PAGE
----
Cassandra Albinson

John Baskett, Paul Mellon's legacy: a passion for British art : masterpieces from the Yale Center for British Art, Yale Center for British Art, New Haven, CT, 2007, pp. 266-67, no. 53, pl. 53, N5220 M552 P38 2007 OVERSIZE (YCBA)



Wheatley shows George and Mary Browne and their children pursuing various fashionable leisure activities on the banks of a calm river or pond. Actively engaging the viewer with her stare, Mrs. Browne dominates the canvas. She cuts a self-assured figure, jauntily hitching up her crisp white apron to avoid soiling it with the muddy water lapping against the bank. She is at once sporty and fashionable; her fancy ribboned hat seems out of place in such a natural setting, yet it does serve to shade her eyes from the noonday sun. Her husband, also fashionably attired for their outing, relaxes with his family while he sketches quietly by the water.

One did not have to travel far into the countryside to angle, as fishing was most often called. From the 1650s onwards, angling was an increasingly popular leisure sport, and sales of how-to manuals and treatises thrived. Both men and women enjoyed the sport, and often artists, such as Francis Hayman, featured women anglers in their more decorative paintings. Although more complex methods of fishing, such as ?y-fishing for trout, were commonly practiced, Mrs. Browne uses here a simple rod from which the line, probably of horsehair, dips into the water close to the bank. The older boy appears to be throwing something into the water-possibly food to help attract fish to his mother's line. The young girls, particularly the oldest, gesture as if to indicate that their mother will soon make a successful catch. In order to ensure the success of such outings, freshwater ponds, streams, and rivers were frequently stocked with carp, pike, and trout.

Picnicking, fishing, and drawing had become bythe mid-eighteenth century suitable recreation for all classes of British society. Over the course of the century, improvements in transportation, such as faster, more affordable, and safer coaches, enabled Londoners to make frequent trips to country sites on the outskirts of the metropolis; for longer holidays many ventured to popular locations farther afield.

Wheatley's painting not only depicts a family engaged in pleasurable pastimes but also reflects current philosophies on child-rearing. In the 1760s Jean-Jacques Rousseau's Emile, a treatise on the proper education of the child, influenced the ways in which couples viewed and treated their children. Couching his philosophy in an engaging narrative, Rousseau counseled parents to participate actively in their children's upbringing and emphasized the positive effects that nature and outdoor activity had on children's mental and physical health. The Brownes, frolicking at water's edge and engaging in salubrious activities, stand as a model family of the Enlightenment.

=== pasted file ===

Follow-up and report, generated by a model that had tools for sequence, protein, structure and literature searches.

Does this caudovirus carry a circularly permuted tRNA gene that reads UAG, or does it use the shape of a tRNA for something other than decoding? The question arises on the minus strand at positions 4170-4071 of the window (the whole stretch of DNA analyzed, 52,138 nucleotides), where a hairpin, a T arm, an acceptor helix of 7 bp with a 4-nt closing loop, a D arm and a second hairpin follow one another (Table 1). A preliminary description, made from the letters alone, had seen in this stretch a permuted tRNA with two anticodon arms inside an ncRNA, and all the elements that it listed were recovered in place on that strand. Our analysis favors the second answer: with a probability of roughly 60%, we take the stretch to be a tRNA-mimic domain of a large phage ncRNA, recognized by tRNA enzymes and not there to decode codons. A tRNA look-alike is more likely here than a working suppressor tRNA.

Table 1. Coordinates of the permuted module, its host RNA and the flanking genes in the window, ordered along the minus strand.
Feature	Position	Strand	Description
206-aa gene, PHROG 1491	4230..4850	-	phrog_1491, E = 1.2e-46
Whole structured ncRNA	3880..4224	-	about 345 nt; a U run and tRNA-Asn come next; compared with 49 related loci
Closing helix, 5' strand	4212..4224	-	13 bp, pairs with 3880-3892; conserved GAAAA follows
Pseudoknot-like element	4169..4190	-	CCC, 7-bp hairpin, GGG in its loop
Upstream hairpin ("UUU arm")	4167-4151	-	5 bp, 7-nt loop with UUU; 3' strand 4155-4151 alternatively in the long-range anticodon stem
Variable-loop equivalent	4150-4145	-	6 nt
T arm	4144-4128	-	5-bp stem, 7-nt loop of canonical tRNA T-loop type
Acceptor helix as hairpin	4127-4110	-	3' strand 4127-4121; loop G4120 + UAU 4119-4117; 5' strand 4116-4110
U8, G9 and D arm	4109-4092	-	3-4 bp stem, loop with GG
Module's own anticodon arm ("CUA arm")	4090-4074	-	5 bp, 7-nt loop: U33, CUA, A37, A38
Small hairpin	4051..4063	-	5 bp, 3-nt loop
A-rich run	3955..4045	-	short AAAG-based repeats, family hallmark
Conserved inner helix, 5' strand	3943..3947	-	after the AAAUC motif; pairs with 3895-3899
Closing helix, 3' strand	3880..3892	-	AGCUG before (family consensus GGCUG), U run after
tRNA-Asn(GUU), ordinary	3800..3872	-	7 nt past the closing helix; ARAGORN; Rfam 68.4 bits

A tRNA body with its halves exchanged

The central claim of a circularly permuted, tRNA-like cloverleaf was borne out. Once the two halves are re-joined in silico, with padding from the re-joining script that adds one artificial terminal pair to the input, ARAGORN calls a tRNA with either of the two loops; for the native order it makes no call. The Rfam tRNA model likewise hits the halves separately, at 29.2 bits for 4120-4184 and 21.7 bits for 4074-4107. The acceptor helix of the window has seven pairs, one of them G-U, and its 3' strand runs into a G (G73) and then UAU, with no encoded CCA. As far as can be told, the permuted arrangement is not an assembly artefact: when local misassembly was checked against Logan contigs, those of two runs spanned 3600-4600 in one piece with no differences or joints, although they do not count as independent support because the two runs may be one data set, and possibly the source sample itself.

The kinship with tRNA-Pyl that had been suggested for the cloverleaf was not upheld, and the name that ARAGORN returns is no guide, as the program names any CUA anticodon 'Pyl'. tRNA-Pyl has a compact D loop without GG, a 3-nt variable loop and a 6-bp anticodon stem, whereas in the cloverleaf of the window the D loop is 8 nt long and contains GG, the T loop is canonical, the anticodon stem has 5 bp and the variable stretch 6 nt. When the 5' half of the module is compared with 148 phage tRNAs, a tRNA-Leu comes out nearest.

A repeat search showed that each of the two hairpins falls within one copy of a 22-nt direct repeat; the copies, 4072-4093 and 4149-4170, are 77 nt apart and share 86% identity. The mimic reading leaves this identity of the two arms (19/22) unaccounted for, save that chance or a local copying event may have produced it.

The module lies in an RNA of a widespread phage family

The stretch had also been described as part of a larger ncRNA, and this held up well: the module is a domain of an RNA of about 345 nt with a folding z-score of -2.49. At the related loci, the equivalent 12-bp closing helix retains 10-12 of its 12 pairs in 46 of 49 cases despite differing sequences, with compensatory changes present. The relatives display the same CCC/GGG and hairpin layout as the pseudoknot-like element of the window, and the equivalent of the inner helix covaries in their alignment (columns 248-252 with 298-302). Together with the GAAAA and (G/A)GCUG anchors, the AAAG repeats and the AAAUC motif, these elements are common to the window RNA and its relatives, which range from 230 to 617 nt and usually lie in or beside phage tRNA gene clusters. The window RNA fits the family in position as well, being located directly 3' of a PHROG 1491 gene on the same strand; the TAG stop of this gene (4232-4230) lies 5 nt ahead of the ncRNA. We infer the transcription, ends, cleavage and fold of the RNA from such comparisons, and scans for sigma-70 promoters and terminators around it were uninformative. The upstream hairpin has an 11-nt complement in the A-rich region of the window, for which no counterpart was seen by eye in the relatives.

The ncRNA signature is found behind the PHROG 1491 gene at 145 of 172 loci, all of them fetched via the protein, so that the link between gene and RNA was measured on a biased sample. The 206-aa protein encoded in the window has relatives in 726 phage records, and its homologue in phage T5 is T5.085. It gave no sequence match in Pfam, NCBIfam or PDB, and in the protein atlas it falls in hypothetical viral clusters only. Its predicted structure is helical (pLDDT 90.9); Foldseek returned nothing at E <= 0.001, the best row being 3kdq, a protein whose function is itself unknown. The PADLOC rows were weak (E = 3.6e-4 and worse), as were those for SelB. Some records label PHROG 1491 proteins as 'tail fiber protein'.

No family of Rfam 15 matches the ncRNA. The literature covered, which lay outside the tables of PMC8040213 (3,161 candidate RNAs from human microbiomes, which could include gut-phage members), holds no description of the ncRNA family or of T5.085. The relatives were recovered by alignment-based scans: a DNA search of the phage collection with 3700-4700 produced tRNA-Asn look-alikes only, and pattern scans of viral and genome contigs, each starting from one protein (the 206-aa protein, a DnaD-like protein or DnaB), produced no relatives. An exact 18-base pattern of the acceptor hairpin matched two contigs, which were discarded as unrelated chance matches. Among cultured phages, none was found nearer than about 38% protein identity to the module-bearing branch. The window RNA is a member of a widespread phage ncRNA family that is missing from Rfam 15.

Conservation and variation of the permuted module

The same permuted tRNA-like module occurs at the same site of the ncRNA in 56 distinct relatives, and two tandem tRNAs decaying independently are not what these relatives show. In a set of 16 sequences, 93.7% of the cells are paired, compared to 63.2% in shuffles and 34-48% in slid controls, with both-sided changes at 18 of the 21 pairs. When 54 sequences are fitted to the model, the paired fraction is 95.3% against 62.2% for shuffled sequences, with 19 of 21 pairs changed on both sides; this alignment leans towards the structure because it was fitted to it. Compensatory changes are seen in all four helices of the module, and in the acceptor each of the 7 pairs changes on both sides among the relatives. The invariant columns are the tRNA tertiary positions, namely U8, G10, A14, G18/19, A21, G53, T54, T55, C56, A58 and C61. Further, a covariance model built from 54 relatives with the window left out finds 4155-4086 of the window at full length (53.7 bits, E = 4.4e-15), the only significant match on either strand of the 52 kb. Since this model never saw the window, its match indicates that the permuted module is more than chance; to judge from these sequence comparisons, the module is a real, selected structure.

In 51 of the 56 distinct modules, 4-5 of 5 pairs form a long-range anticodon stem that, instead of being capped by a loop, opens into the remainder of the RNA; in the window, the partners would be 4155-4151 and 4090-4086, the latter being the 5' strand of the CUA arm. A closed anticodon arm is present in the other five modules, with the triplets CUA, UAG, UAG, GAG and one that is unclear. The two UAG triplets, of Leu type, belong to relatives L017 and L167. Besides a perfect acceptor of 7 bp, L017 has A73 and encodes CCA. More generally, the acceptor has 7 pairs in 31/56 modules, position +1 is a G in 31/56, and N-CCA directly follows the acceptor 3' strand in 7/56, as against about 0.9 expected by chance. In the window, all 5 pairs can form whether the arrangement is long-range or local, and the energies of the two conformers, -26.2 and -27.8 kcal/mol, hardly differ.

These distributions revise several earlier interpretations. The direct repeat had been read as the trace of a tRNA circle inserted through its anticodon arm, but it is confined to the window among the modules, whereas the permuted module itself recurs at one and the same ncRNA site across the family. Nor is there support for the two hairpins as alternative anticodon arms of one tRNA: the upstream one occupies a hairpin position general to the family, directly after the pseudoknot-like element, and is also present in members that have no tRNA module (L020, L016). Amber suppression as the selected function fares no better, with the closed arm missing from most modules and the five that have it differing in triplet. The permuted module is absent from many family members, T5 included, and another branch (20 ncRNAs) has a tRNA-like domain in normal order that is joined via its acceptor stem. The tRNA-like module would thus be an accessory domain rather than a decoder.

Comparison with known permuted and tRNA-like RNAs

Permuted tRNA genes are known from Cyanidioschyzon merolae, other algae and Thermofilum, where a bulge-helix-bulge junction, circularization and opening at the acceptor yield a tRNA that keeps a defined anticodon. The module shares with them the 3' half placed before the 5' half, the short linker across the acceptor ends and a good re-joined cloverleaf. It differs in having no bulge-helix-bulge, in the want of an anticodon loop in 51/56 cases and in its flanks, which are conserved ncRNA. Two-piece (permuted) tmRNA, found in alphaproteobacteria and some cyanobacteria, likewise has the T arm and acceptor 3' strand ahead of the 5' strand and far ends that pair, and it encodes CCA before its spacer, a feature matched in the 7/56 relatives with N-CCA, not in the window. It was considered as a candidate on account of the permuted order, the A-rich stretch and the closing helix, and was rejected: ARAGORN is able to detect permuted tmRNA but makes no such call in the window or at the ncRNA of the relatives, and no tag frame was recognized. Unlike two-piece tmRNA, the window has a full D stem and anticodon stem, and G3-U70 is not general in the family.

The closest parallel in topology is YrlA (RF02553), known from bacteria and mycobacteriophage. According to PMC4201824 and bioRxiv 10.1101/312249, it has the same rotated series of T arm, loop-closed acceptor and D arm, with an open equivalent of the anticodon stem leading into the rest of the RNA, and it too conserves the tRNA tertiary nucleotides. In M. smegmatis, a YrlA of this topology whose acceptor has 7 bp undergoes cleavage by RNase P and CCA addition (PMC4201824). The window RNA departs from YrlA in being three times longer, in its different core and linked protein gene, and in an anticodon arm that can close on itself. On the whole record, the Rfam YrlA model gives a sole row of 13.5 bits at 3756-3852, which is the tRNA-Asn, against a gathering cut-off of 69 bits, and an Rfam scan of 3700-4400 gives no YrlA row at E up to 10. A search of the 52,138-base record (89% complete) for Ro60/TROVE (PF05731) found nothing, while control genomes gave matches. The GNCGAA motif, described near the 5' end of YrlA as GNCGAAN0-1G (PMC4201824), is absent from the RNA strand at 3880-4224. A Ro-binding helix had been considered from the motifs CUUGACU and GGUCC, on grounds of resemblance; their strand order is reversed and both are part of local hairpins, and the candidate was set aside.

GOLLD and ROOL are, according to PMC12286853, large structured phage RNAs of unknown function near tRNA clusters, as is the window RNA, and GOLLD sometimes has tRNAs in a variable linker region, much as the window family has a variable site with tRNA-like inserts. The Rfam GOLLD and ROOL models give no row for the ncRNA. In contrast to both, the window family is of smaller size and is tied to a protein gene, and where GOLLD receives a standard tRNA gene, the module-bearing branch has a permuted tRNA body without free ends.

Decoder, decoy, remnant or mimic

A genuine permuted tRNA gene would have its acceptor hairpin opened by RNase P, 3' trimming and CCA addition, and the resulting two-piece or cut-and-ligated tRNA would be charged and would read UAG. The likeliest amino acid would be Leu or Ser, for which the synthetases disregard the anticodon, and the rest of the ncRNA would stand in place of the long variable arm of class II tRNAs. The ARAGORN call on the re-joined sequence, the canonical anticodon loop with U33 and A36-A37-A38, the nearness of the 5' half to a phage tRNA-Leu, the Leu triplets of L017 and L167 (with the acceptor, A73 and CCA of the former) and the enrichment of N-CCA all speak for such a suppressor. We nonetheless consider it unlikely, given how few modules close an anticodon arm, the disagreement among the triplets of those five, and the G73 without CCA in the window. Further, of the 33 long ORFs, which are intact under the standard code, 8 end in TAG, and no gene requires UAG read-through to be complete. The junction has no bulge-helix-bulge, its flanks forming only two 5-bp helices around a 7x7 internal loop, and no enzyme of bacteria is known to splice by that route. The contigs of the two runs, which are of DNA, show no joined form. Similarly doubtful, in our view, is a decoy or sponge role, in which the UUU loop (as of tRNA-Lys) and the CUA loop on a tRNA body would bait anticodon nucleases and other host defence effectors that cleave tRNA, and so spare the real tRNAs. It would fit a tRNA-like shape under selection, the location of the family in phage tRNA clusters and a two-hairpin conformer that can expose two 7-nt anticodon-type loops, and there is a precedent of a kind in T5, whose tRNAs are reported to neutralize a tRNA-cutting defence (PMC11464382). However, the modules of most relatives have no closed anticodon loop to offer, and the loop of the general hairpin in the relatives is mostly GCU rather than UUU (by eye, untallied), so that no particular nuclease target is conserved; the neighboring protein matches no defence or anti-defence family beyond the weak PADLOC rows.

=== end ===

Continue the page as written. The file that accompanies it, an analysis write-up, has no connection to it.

Living with his family in Covent Garden, near where Wheatley had his studio in the years 1772-75, George Browne was Principal Clerk of the Westminster Fire Of?ce, one of the oldest insurance companies in London. He and his wife had married and had their first child in 1764. This painting shows five of the Browne's eventual ten children; they are, from left to right: Amelia Wilhelmina (b. 1767); George Howe (b. 1764); Edward Walpole (b. 1766); Mary (b. 1769); and either Charlotte (b. 1770) or Harriet (b. 1772).

Julia Marciari-Alexander

Julia Marciari-Alexander, This other Eden, paintings from the Yale Center for British Art, Yale Center for British Art, New Haven, CT, 1998, pp. 10, 38, 62-3, no. 19, fig. 9, ND1314.3 Y36 1998 (YCBA)

A Great Collection of British Pictures in Virginia, The Times (London), Issue No. 55689, May 1, 1963, p. 5, Available Online : Times Digital Archive Also available on Microfilm: Film An T482 (SML)

Geoffrey Agnew, Yale's 1700 Mellon Pictures, The Times (London), issue no. 59989, Thursday, April 28, 1977, p. 9, Available Online : Times Digital Archive Also available on Microfilm : Film An T842 (SML)

Cassandra Albinson, The worlds of Francis Wheatley, Yale Center for British Art, [New Haven, 2005, back cover, V 1612

Brian Allen, The Sport of Collecting : Paul Mellon and British Art, Apollo, v.165,no.542, April 2007, pp. 32-33,37, fig. 1, N1 A54 + (YCBA)

John Baskett, Paul Mellon's Legacy: a Passion for British Art: Masterpieces from the Yale Center for British Art, , Yale Center for British Art, New Haven, CT, 2007, pp. 266-67, no. 53, pl. 53, N5220 M552 P38 2007 OVERSIZE (YCBA)